Dark matter is calculated to be about five times more common than ordinary matter — however, it has not been detected directly,media reported. Many different types of experiments are trying to find it, and now CERN is joining the search, testing whether the famous Higgs boson can decay into dark matter.
The Large Hadron Collider (LHC) has discovered the mysteries of the universe by crashing particles together at an alarming rate. In doing so, new, exotic particles are often created, giving scientists a brief opportunity to study things that are almost impossible to encounter naturally.
One of the LHC’s most ground-breaking discoveries was the Higgs boson discovered in 2012. This long-assumed particle is the last piece of the puzzle in the standard model of particle physics, and it is thought to have created other methods for the mass of elementary particles.
Since the discovery of the Higgs boson, scientists have used it to explore the physics mysteries of other particles. The Higgs boson quickly decays into other particles, and some of them may not be detected directly by the device.
In this case, however, non-testing is more exciting than detection. Because certain types of particles do not interact well with ordinary matter, if the Higgs boson produces such particles, they will drift away and ignore the presence of the collider wall. The scientists will then notice the lack of energy in the wreckage and be able to infer something about the “invisible” particles.
Only invisible decay products conform to the standard model — if the Higgs boson decays into four neutrinos — but this is highly unlikely, with a probability of only 0.1%.
One of the invisible particles may be dark matter. It is said that this strange material penetrates into the universe and effectively brings it together, yet it is still very elusive. Its gravitational influence is obvious, but it does not seem to reflect or emit any kind of light.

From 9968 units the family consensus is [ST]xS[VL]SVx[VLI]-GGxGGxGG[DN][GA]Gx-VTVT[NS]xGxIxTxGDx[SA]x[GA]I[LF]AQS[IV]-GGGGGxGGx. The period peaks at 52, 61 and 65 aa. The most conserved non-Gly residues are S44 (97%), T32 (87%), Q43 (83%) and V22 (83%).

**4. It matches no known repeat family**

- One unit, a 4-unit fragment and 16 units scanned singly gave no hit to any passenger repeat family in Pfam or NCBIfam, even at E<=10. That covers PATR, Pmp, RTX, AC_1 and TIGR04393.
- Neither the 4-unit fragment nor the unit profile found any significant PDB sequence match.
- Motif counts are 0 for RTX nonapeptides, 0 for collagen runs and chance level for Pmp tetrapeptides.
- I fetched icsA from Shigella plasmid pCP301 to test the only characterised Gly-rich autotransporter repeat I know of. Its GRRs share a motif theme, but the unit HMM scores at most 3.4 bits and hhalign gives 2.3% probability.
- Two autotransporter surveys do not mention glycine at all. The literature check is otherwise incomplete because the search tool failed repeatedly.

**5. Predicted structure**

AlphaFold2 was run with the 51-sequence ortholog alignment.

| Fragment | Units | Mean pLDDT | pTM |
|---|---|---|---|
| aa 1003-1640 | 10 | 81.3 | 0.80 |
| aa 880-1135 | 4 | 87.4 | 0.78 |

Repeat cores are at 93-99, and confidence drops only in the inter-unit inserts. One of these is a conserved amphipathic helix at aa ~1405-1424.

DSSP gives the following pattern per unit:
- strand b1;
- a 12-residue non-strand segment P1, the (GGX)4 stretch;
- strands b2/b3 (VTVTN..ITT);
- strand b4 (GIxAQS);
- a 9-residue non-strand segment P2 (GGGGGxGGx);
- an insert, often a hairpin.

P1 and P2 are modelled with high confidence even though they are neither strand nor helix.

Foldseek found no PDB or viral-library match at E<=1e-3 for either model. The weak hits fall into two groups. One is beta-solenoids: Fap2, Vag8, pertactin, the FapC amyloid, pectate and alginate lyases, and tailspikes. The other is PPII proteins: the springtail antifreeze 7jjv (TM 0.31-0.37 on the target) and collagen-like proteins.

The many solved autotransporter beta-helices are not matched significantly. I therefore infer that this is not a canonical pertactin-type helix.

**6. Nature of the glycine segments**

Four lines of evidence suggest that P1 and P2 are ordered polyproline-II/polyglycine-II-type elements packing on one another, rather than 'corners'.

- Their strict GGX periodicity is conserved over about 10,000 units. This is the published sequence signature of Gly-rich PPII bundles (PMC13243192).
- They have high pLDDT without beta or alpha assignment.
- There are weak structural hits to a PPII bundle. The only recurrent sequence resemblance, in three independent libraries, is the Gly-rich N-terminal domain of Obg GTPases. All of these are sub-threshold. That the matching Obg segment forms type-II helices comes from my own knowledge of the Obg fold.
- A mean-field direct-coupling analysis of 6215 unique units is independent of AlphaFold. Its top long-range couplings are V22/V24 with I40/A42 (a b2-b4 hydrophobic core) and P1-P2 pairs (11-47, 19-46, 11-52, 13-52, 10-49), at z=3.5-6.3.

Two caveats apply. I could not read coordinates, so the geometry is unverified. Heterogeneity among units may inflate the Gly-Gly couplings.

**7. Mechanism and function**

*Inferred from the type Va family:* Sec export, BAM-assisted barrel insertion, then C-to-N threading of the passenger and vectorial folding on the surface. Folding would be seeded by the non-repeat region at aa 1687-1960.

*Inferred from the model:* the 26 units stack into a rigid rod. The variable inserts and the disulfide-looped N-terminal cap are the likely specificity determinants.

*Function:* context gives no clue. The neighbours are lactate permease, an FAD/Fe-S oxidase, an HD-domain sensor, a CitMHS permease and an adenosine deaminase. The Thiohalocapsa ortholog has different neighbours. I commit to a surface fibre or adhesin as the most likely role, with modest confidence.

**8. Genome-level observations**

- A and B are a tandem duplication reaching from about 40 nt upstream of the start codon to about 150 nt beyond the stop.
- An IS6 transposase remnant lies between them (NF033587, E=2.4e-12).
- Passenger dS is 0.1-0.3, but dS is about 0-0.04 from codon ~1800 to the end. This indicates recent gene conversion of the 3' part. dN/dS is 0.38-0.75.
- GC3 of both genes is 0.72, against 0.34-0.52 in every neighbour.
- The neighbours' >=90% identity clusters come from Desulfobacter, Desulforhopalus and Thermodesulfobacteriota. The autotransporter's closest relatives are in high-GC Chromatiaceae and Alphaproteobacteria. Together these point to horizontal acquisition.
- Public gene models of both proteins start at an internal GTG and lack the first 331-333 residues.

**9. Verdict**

Given the role of the Higgs boson in “giving” the particle mass and the fact that dark matter can only be detected by its mass, the two particles should interact. So in the new study, scientists working with CERN’s ATLAS began to examine whether the Higgs boson was decaying into dark matter.
The team examined the entire data set for the LHC’s second run, which took place between 2015 and 2018. There have been about 100 trillion collisions in those three years. In all of these data, the researchers found that invisible particle events did not exceed the background value during the known process of the standard model. In response, the team was able to reduce the upper limit of the frequency at which the Higgs boson decayed into invisible particles — no more than 13 percent. This sounds a lot more likely, but this is based on previous models, which suggested that this could happen as much as 30% more frequently.
The researchers say that although they have found no signs of dark matter this time, the work could help limit its properties. Between this experiment and many others trying to find it, dark matter may have no hiding place. Or humans are just getting closer to realizing that it doesn’t exist, and the models now used need to be adjusted. In any case, the search for it continues.